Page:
certainly not a slamdunk. The tower would be a fine addition to
New York even if it is not contextual and while those of us who
were spellbound by John Marion's wonderful auctioneering at Parke-Bernet
have great nostalgic fondness for the existing building, it is
not an especially important building architecturally. One can
have confidence that Mr. Rosen would produce a tasteful kunsthalle
and sculpture garden, but they are not facilities that are desperately
needed on the Upper East Side, though welcome.
Perhaps part of the problem
is that the proposal is almost too serious. Perhaps Mr. Rosen
might ask Mr. Koons for a small, stainless steel Puppy (see a
photograph of a giant green puppy by Mr. Koons that was exhibited
at Rockefeller Center that is illustrated in The City Review article on Rockefeller Center) to put atop the tower.
The as-of-right development
of the building's unused air-rights would not be unattractive,
but its lack of major views would make it economically unattractive
given the high purchase price of the building.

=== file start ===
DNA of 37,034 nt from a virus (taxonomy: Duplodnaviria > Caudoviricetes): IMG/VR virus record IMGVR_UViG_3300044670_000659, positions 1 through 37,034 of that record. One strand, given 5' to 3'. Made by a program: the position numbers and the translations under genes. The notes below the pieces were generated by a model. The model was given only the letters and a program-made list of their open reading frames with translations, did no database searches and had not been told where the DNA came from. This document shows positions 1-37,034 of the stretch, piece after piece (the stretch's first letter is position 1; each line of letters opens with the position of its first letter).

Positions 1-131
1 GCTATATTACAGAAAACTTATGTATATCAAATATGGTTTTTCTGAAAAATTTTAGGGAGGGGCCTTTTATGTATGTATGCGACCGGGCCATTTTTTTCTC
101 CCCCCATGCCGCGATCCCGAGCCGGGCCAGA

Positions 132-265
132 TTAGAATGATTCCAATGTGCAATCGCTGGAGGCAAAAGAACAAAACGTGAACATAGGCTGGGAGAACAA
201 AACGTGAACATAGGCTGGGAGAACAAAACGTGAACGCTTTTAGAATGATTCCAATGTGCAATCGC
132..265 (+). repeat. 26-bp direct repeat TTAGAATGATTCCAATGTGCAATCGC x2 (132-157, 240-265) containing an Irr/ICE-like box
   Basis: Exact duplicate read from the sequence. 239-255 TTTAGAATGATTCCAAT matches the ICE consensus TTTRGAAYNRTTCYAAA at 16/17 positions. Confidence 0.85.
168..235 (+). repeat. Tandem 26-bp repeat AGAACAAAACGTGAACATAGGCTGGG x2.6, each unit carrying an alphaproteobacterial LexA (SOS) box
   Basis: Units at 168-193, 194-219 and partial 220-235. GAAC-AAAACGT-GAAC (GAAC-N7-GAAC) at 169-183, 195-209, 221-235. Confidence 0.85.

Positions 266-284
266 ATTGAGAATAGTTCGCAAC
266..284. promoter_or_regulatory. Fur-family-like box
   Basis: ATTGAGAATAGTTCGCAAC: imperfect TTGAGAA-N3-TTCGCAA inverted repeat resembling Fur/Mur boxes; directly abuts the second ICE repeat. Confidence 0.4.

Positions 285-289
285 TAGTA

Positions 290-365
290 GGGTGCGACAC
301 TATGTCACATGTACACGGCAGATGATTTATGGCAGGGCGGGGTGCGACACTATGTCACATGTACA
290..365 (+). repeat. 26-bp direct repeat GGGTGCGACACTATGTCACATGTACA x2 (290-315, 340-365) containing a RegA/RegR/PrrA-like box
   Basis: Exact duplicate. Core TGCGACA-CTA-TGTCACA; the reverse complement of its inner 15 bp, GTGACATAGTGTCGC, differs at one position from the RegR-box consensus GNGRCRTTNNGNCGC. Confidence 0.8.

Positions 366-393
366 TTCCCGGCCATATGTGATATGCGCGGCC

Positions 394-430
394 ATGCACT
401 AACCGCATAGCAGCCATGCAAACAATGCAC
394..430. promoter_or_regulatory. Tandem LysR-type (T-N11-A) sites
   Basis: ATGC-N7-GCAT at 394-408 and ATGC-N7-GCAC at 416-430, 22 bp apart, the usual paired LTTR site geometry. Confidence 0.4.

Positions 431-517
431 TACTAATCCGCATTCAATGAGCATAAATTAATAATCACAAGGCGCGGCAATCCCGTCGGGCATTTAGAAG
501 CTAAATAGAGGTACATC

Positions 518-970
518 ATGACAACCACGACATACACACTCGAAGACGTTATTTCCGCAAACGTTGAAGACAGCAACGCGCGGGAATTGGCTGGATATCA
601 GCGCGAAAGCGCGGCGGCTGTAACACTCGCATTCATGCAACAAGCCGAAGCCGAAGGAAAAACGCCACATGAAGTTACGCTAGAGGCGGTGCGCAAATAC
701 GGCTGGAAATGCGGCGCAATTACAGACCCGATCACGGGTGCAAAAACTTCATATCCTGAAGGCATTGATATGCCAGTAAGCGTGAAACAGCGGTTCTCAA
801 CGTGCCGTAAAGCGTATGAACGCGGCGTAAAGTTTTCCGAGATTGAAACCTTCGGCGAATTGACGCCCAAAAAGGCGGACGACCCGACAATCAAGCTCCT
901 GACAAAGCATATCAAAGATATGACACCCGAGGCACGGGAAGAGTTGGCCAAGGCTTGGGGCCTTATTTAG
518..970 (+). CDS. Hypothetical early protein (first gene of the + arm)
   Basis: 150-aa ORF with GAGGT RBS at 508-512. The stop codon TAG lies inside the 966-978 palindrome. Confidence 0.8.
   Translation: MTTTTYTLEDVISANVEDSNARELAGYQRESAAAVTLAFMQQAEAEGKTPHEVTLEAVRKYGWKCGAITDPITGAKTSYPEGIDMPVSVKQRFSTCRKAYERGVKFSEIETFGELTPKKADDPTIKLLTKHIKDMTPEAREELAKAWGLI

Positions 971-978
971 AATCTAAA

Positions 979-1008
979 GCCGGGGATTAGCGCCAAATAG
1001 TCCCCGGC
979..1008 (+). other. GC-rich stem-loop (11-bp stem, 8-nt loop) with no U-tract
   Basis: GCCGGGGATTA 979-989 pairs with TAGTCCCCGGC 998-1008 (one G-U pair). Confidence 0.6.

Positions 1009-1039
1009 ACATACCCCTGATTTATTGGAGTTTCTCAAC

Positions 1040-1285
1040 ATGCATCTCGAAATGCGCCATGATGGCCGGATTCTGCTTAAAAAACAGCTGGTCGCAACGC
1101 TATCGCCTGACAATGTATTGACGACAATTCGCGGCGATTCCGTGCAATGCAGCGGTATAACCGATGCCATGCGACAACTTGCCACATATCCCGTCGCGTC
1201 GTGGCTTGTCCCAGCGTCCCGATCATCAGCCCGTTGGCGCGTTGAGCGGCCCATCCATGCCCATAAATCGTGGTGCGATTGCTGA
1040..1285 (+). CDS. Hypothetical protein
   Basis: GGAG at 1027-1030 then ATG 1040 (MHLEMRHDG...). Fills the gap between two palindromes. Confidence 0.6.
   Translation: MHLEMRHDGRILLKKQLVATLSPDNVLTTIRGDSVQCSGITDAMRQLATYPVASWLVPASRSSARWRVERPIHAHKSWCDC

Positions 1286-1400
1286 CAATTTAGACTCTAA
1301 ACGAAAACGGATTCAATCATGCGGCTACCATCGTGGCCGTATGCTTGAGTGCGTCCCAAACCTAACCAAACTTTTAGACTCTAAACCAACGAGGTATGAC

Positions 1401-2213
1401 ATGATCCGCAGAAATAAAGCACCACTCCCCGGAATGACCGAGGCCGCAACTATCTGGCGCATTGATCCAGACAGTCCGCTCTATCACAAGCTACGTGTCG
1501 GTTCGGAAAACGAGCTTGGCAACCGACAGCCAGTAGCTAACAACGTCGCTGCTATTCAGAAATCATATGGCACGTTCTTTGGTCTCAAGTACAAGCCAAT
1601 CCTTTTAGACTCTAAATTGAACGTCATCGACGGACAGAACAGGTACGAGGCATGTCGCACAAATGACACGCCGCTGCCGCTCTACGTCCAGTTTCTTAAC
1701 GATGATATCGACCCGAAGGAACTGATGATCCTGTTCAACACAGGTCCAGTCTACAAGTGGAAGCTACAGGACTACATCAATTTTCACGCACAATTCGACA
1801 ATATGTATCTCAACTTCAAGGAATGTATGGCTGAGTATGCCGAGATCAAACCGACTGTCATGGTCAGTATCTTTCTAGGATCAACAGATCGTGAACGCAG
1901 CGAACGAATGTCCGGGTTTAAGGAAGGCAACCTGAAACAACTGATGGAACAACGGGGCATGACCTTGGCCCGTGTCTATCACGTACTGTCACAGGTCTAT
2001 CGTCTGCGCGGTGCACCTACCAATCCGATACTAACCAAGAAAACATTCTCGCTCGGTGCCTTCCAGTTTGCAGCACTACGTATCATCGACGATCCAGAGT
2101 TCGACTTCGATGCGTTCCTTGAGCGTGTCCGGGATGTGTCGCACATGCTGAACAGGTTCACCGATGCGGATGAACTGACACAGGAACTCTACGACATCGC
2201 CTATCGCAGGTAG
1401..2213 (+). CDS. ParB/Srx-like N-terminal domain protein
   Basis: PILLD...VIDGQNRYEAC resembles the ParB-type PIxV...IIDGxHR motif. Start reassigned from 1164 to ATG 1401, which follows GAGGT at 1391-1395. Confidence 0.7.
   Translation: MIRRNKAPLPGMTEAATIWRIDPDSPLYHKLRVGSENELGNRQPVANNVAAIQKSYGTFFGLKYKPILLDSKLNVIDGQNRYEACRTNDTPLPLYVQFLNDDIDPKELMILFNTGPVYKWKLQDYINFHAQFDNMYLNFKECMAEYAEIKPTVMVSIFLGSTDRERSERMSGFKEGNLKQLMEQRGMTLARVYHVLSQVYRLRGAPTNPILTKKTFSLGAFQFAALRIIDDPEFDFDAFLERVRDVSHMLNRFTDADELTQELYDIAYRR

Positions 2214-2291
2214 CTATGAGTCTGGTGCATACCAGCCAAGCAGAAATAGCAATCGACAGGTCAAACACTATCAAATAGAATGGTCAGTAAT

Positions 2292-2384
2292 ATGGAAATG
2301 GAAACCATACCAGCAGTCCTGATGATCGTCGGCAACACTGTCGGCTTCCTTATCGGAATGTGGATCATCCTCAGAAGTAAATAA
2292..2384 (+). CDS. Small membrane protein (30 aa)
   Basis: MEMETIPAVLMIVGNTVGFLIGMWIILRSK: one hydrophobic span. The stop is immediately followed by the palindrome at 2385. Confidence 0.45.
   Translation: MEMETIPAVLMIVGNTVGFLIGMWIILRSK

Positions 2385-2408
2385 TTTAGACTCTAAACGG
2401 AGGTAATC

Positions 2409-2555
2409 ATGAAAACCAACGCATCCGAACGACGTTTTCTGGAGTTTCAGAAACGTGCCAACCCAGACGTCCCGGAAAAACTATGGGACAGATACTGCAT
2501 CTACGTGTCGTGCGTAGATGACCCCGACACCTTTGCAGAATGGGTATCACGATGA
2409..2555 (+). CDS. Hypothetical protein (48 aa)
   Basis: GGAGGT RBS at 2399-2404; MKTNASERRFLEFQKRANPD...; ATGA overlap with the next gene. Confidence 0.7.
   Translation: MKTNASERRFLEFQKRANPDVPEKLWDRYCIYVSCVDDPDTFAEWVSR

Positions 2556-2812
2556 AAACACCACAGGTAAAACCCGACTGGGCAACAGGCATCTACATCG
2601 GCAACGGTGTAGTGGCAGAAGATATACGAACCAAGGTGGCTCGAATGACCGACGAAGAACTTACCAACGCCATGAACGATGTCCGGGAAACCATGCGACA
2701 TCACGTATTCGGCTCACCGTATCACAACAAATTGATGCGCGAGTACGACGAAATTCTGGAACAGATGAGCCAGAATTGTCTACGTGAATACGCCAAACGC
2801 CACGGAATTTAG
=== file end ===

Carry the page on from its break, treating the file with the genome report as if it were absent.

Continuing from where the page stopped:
Waffling aside, the plan, while
not sensational, would be exciting and would become a modern landmark
on the Upper East Side, which has few of them.
The proposal was not accepted
as "appropriate" by the Landmarks Preservation Commission.
A revised design by Norman
Foster for a planned addition to 980 Madison Avenue was published
in a May 14, 2008 article by Nicolai Ouroussoff in The New
A previous design was not
accepted by the Landmarks Preservation Commission in January,
2007. That design would have added a reflective-glass, curbed
tower at the north end of the roof of the low-rise, limestone-clad
building that occupies the avenue blockfront on the west side
between 76th and 77th Streets across from the Carlyle Hotel and
directly south of the former Mark Hotel that is being renovated
and partially converted to condominium apartments.
The new design is substantially
shorter than the prior design's tower and it fully covers the
roof of the existing building. The prior design would have created
a large sculpture garden on most of the low-rise building's roof.
The new design is clad in
bronze-colored glass and has a slight indentation just above the
existing structure that makes it appear, to a certain extent,
to be floating, a design effect used to great affect at the former
C.I.T. Building at 650 Madison Avenue.
Mr. Ouroussoff, who is the
architecture critic of The New York Times, wrote that "You
have to pity any architect who appears before the landmarks committee